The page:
Labour Conference: Teachers should learn IT from their pupils, says minister

Teachers need to learn the benefits of IT from their students, according to Jim Knight, minister for schools.

Teachers need to learn the benefits of IT from their students, according to Jim Knight, minister for schools.

Speaking at a Labour party conference fringe meeting, the MP for South Dorset said teachers must always be "in charge" but should listen to young people on how best to use IT in the classroom.

"People born into this tehnology will always use it more confidently than people who are more adaptive," he said. "The effect in the classroom will be that teachers must always be in charge, but if they are really going to realise the benefits of the technology, then they need to learn from the young people themselves about how best to use it.

"There is a huge amount of learning generated from IT, and it is largely generated by young people themselves."

He said the UK is a "world leader" in applying technology to education. The government's plans to give a means-tested voucher to families to enable their connection to the internet at home would, he said, "not only close the digital divide amoung families with school-age children, it will have a massive impact on the classroom.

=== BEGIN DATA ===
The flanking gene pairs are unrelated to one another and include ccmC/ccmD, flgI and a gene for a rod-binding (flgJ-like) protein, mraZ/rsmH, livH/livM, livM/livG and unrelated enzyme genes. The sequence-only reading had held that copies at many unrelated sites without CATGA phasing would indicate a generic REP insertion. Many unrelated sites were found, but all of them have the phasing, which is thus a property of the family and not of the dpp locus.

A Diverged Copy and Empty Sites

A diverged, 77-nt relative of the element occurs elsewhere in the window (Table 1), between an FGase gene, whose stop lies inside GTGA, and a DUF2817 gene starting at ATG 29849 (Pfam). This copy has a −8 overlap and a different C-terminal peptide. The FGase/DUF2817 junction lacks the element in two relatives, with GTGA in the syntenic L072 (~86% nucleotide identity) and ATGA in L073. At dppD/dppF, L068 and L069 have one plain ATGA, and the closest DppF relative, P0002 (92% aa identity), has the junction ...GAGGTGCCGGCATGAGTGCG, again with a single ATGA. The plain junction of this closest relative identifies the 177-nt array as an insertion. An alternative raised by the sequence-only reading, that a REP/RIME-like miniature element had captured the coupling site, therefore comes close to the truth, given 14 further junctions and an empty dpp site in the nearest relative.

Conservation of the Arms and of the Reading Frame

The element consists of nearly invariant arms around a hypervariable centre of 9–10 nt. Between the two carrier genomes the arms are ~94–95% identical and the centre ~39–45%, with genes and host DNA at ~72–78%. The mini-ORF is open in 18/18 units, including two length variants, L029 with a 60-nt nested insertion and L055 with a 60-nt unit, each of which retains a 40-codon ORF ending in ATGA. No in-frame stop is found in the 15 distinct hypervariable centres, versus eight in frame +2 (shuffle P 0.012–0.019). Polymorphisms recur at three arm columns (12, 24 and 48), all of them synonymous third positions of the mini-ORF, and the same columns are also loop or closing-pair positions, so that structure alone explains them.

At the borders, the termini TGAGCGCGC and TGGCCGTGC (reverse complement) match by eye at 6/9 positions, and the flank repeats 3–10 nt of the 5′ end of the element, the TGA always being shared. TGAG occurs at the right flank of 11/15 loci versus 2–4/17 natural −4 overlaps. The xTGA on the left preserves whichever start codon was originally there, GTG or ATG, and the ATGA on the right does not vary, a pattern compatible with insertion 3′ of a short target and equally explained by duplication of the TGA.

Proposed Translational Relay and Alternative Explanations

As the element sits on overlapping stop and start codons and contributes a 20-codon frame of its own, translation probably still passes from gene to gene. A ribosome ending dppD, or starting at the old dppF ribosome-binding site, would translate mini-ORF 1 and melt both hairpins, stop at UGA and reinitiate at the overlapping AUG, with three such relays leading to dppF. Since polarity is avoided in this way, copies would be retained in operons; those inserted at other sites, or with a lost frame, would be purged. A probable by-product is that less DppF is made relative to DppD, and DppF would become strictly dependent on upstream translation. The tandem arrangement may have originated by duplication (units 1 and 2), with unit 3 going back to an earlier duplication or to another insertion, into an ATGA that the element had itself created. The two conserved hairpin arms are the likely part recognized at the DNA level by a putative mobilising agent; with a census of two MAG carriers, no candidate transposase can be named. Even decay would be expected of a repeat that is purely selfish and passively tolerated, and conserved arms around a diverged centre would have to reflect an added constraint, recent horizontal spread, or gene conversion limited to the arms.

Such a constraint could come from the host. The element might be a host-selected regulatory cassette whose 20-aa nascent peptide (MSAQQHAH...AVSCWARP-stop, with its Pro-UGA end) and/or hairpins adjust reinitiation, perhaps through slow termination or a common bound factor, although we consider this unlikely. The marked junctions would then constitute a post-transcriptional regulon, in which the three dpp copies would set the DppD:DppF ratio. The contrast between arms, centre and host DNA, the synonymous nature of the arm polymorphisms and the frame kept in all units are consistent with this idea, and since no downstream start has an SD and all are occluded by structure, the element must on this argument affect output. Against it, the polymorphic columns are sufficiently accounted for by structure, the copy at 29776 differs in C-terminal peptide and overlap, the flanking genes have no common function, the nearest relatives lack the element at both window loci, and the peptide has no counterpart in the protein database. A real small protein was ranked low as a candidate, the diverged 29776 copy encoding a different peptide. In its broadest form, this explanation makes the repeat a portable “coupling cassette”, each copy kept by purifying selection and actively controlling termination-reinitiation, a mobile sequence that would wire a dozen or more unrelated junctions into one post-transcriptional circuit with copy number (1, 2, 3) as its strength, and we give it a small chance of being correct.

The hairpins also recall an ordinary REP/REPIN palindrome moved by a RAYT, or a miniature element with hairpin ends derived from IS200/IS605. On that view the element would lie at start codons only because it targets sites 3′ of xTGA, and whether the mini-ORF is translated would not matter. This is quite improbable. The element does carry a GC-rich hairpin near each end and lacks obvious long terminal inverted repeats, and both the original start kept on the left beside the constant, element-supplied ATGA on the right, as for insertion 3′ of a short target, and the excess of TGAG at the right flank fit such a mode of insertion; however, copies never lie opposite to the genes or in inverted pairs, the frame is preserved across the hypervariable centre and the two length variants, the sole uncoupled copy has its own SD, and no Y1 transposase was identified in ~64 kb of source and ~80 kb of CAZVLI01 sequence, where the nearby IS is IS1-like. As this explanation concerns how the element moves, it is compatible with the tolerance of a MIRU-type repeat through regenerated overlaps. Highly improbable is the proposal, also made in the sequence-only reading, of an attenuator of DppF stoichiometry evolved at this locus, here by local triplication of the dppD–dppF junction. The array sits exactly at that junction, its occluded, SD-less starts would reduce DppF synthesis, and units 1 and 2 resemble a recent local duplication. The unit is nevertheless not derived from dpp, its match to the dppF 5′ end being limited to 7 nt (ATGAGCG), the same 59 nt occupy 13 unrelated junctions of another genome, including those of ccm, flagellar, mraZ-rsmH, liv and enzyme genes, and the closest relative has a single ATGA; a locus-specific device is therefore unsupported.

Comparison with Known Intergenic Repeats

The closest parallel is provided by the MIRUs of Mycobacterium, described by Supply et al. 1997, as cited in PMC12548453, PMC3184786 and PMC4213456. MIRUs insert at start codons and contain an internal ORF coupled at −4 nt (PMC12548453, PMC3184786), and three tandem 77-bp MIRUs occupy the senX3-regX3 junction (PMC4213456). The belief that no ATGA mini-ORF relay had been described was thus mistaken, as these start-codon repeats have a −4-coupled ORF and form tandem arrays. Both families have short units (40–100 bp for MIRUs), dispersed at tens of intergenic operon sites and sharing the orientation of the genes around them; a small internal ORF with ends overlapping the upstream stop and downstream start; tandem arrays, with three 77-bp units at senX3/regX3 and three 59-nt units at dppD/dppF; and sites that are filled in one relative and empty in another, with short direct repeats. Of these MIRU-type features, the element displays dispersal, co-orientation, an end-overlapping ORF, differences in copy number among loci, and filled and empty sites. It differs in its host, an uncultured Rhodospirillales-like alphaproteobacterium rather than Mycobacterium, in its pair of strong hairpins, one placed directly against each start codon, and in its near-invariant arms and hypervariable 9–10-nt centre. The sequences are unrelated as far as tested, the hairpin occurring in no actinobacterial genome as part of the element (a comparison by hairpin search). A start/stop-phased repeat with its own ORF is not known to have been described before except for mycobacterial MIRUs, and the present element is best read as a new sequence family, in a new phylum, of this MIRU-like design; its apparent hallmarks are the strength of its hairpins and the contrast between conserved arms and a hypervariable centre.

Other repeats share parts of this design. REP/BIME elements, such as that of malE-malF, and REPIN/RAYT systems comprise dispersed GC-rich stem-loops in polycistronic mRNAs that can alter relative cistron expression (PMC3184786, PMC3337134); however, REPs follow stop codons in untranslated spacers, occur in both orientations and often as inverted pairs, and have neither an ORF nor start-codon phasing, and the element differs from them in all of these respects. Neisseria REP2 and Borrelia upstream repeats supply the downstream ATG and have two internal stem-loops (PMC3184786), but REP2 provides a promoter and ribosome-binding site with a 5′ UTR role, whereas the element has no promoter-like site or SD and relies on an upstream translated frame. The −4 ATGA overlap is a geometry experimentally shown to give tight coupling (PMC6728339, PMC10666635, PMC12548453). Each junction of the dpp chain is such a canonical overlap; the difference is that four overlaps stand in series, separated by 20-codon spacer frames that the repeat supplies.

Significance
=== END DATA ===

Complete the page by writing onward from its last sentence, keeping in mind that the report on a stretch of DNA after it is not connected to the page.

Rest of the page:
"Teachers are understandably reluctant to assume people can access the internet at home, and have the confidence and skills that go with that. Home access to the internet is worth an extra two terms of schooling or an extra half grade at GCSE. It is wrong that 1.4 million children are denied that opportunity."

Lesley Gannon, from the National Association of Head Teachers, said the growth of IT in schools is challenging for some teachers, adding, "The divide of knowledge and experience of IT cannot be drawn along straightforward lines."

She added that better sofware was needed to help staff manage IT in schools. "We need school systems and filtering systems that are going to provide adequate protection for young people, but at the same time are not stifling and frustrating users who are already highly skilled. We need software systems that will reduce the workload and problems.

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